The U.S. Department of Health and Human Services (HHS) is dedicated to improving the health and well-being of Americans. To better understand the health disparities and specific issues facing the AAPI community, HHS has focused on improving its data collection systems. For instance, the agency’s National Health Interview Survey continues to oversample Asian American households, an effort initiated in 2006; and the data for the National Health and Alcohol Study includes an oversampling of 2,250 AAPIs and 250 AAPIs of mixed ancestry. Through these disaggregated data efforts, we have found that Korean Americans have some of the highest uninsured rates in the country. HHS recently participated in a Google+ Hangout in Korean to educate the community about the Affordable Care Act and how the AAPI community can access coverage through the new Marketplaces. Learn more about the work of HHS.
You and your family may be eligible for free screenings, vaccines, counseling and other preventative services to keep you healthy. All health plans in the Health Insurance Marketplace and many other plans must cover the preventative services below without charging you a copayment or coinsurance. This applies even if you haven’t met your yearly deductible! Read the list of 4 ways the Health Insurance Market Place keeps you healthy.
In the spirit of Labor Day this past weekend, the Department of Labor reaffirmed its commitment to making sure working places are fair and safe for all workers in the United States: “Migrant and seasonal laborers, workers with limited English proficiency, and members of immigrant communities may be unaware of their rights in the workplace or afraid to exercise those rights… As part of its ongoing efforts, one of OSHA’s most important jobs is to make sure that vulnerable workers – such as those who are young, have limited English proficiency or work in high-hazard industries – are protected. Many young and foreign-born workers labor in dangerous jobs, and without proper training, education and personal protective equipment, they are vulnerable to serious illness and injury.” Read more about the Dept. of Labor’s efforts to improve workplace equality.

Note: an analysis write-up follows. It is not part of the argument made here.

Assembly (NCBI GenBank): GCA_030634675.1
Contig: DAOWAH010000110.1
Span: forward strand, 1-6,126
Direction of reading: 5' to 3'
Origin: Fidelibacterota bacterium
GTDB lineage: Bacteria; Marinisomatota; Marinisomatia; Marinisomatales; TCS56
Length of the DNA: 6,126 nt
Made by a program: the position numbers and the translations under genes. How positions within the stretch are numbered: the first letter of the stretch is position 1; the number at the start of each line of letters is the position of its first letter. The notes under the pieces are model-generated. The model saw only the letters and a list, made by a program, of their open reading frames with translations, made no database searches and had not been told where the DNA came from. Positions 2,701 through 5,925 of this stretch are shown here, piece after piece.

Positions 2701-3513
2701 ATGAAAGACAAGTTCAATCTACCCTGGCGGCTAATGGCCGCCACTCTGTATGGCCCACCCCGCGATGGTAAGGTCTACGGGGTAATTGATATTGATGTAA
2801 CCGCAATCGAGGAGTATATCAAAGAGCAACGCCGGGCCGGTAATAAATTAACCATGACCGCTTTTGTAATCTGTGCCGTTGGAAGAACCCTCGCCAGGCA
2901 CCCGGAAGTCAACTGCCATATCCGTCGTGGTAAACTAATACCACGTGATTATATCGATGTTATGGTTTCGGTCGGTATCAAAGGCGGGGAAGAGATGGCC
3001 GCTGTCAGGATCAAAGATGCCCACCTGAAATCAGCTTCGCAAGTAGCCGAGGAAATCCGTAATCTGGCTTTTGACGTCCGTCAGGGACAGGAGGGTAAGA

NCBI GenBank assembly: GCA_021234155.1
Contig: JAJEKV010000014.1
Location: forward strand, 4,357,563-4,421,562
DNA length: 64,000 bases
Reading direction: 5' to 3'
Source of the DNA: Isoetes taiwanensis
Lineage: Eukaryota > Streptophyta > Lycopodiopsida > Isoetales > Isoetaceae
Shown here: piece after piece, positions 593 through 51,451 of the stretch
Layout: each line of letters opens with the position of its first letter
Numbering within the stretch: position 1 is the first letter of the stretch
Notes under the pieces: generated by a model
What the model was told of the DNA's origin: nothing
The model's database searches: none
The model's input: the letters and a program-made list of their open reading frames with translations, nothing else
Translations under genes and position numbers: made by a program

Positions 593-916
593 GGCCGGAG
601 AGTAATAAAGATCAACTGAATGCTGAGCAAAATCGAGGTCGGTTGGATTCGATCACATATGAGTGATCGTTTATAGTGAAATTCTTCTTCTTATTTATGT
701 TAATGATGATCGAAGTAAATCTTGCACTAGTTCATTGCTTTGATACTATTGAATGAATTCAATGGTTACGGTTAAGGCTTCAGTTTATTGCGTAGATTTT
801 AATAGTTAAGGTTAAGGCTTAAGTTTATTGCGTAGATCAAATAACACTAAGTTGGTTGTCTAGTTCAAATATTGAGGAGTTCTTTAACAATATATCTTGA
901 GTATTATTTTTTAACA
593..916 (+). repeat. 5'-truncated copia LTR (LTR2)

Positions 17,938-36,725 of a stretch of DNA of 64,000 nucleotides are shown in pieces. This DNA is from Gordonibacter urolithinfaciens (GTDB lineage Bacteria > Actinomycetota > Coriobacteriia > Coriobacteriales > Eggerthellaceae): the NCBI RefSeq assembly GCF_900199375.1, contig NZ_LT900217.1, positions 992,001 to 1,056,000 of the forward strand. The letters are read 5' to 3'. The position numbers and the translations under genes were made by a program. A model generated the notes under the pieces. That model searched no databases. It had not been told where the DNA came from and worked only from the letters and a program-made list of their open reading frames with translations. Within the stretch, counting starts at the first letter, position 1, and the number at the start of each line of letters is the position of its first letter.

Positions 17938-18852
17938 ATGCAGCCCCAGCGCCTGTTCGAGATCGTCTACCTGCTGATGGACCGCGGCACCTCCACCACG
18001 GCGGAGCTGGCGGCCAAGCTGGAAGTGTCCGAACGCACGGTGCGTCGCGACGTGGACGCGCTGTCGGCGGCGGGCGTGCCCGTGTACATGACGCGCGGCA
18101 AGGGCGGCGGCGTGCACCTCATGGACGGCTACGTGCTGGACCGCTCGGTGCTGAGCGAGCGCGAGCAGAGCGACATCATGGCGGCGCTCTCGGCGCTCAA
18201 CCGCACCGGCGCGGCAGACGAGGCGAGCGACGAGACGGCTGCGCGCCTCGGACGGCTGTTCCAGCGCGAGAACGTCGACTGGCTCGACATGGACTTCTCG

Interested in a career on the front lines of today’s most pressing global issues, perhaps at the UN or another international organization? Such a career could be within your reach, and this week the Department of State is launching a new and improved International Organization Careers website to help U.S. citizens explore exciting and varied opportunities. Use this website to search for job openings with specific organizations, areas of expertise, and various locations around the world. Visit the new website.
This grant, authorized by the Japanese American Confinement Sites Act of 2006, allows for the use of funds for identifying, researching, evaluating, interpreting, protecting, restoring, repairing, and acquiring historic confinement sites where Japanese Americans were detained during World War II. Applications close on November 1st, 2013. Read more about the opportunity.
The National Science Foundation and selected foreign counterpart science and technology agencies sponsor international research institutes for U.S. graduate students in seven East Asia and Pacific locations at times set by the counterpart agencies between June and August each year. Applicants must propose a location, host scientist, and research project that is appropriate for the host site and duration of the international visit. An EAPSI award provides U.S. graduate students in science, engineering, and education in Australia, China, Japan, Korea, New Zealand, Singapore, or Taiwan. The NSF award includes participation in the Pre-Departure Orientation, summer stipend of $5,000, and roundtrip airplane ticket to the host location. The application deadline ends November 25th, 2013. Read more on the opportunity.